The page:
Note: camping gear and backpacking gear can overlap at times but they are different. If you have a pair of durable shoes or boots, a camping tent, a normal sleeping bag, you may be able to get away with using them as you start to build your pack list. This won’t apply to everyone as other factors will come into play (like the type of trail you’ll be on, the condition of the gear, the weather, etc.) My point is, don’t think that you have to wait until you have everything you want before you can go on your first multi-day hike. Wait until you have everything you need. Use common sense and wisdom but use what you’ve got.

Finding Backpacking Gear on a Budget

  • Wait for store sales. Clearance sales are pretty frequent towards the end of summer, Black Friday, and Cyber Monday. Put together a gear list ion advanced and write down the current retail price. Signing up to REI’s email list may also be helpful. There’s also SlickDeals. A forum that alerts users of store’s clearance offers; it’s especially helpful on Blackfriday.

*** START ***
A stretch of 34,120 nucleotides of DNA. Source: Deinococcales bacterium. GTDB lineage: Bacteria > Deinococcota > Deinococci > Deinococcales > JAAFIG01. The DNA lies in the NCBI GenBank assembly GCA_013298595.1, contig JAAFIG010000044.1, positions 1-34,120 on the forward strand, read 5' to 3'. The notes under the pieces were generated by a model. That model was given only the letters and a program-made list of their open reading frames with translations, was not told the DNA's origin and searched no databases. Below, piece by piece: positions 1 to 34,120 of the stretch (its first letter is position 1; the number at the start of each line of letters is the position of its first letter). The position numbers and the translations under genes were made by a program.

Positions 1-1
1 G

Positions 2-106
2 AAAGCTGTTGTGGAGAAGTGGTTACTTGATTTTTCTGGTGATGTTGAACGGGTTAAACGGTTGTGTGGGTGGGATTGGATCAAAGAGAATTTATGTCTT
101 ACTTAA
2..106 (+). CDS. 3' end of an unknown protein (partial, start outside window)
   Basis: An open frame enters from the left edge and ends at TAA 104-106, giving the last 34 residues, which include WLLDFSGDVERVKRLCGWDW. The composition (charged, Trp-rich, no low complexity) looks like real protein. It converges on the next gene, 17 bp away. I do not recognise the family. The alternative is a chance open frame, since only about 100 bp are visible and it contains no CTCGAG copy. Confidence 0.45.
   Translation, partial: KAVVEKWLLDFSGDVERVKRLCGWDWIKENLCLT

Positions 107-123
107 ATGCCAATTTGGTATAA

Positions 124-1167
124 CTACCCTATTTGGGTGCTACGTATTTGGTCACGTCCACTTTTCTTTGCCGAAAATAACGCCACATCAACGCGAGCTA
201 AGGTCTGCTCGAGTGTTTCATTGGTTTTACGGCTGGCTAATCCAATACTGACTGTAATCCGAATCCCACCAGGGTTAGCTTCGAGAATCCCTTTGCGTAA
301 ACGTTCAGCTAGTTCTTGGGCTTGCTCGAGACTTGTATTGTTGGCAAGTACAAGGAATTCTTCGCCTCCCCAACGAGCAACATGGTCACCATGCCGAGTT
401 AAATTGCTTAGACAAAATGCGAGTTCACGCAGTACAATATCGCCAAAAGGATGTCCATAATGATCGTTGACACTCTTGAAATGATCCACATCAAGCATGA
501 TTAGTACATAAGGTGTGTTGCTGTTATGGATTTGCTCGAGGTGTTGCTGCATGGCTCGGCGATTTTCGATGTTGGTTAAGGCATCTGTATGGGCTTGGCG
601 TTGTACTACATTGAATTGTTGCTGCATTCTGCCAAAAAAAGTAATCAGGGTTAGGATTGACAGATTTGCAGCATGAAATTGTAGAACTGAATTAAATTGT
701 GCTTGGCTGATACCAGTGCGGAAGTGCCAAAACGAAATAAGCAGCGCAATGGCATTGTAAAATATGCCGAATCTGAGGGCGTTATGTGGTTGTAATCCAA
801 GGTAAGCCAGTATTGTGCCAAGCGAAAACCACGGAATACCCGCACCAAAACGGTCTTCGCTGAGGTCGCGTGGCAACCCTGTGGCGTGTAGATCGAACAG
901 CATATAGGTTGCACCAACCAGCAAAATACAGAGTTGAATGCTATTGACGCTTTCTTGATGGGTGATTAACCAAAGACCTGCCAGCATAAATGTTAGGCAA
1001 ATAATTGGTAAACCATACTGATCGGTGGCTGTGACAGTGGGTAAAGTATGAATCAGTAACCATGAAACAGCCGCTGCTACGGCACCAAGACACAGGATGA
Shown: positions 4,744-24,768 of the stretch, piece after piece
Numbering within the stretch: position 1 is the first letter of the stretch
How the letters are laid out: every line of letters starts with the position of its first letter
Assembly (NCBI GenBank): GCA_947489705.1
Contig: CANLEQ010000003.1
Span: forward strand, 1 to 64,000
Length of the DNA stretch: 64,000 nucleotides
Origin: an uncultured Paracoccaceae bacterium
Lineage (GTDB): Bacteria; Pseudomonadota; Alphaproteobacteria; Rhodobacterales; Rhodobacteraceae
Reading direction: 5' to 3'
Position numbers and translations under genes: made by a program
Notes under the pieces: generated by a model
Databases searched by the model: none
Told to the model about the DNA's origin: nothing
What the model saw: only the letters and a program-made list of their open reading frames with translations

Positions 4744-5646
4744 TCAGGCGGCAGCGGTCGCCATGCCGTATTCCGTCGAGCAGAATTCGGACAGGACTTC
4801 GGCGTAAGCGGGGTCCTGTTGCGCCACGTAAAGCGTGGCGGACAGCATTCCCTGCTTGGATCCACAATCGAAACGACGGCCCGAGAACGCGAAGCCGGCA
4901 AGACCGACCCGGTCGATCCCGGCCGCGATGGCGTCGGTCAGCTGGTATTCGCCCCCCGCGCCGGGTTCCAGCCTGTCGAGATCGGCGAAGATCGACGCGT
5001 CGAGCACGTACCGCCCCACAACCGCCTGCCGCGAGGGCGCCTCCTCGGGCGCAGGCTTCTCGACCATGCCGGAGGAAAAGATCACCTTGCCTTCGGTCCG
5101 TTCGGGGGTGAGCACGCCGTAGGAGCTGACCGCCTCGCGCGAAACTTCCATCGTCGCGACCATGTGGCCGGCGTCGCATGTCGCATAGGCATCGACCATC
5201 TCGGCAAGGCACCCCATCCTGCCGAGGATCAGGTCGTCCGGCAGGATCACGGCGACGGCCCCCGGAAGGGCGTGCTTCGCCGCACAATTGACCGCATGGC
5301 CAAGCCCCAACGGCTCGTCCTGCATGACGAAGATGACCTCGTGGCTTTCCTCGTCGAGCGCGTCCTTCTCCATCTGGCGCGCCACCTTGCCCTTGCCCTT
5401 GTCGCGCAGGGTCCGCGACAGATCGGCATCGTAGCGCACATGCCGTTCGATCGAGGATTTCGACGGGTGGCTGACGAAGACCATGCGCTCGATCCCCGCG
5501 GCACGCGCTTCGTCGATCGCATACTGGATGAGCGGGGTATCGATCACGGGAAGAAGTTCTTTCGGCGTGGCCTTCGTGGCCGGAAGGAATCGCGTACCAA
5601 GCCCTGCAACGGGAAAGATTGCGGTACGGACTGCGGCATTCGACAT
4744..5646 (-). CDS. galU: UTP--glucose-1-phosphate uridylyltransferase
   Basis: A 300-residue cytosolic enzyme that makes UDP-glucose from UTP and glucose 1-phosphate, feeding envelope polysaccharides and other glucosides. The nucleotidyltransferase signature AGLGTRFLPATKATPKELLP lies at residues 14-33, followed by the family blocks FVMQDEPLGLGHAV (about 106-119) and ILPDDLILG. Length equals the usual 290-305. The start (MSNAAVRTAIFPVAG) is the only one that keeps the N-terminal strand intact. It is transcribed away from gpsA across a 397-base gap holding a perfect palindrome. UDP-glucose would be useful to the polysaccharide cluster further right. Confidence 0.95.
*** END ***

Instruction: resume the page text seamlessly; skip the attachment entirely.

• Search Facebook for groups that buy and sell items. Some groups buy/sell backpacking gear as well as local groups that buy/sell/swap just about anything (sometimes they are called swap groups or buy/sell). Here are a few groups to get you started:
  • Search Facebook Marketplace & Craiglist. Both of these platforms have gear listed frequently. Once you have your gear list start checking regularly to see if anyone has listed one of the items.
  • Get used gear from REI’s CoOp. REI has a 1-year return policy on their new items and they offer returns in any condition. Many people buy something new, use it, and then return it. REI resells the used returns at a discount. It’s a good place to look. The used items are sold as it—so be sure to do your homework before you buy something.
  • Hunt for your items at garage sales (also called ‘yard’ or ‘rummage’ sales depending on where you are from). There are lots of Yardsales in Spring & Summer. Keep your eye out for used gear that someone might be selling. You never know the type of deals you will be able to get.
  • Check your local thrift stores (Goodwill, Salvation Army, etc) There are tons of backpackers out there! Many of them looking to upgrade and sell off their old items. You can save a lot of money by buying some things second hand.
  • eBay is another good place to look. Gear is listed every day. When searching for your gear be sure to filter the results to only show listings that are in ‘used condition.’ This will filter out the resellers and merchants that have new items listed at retail prices.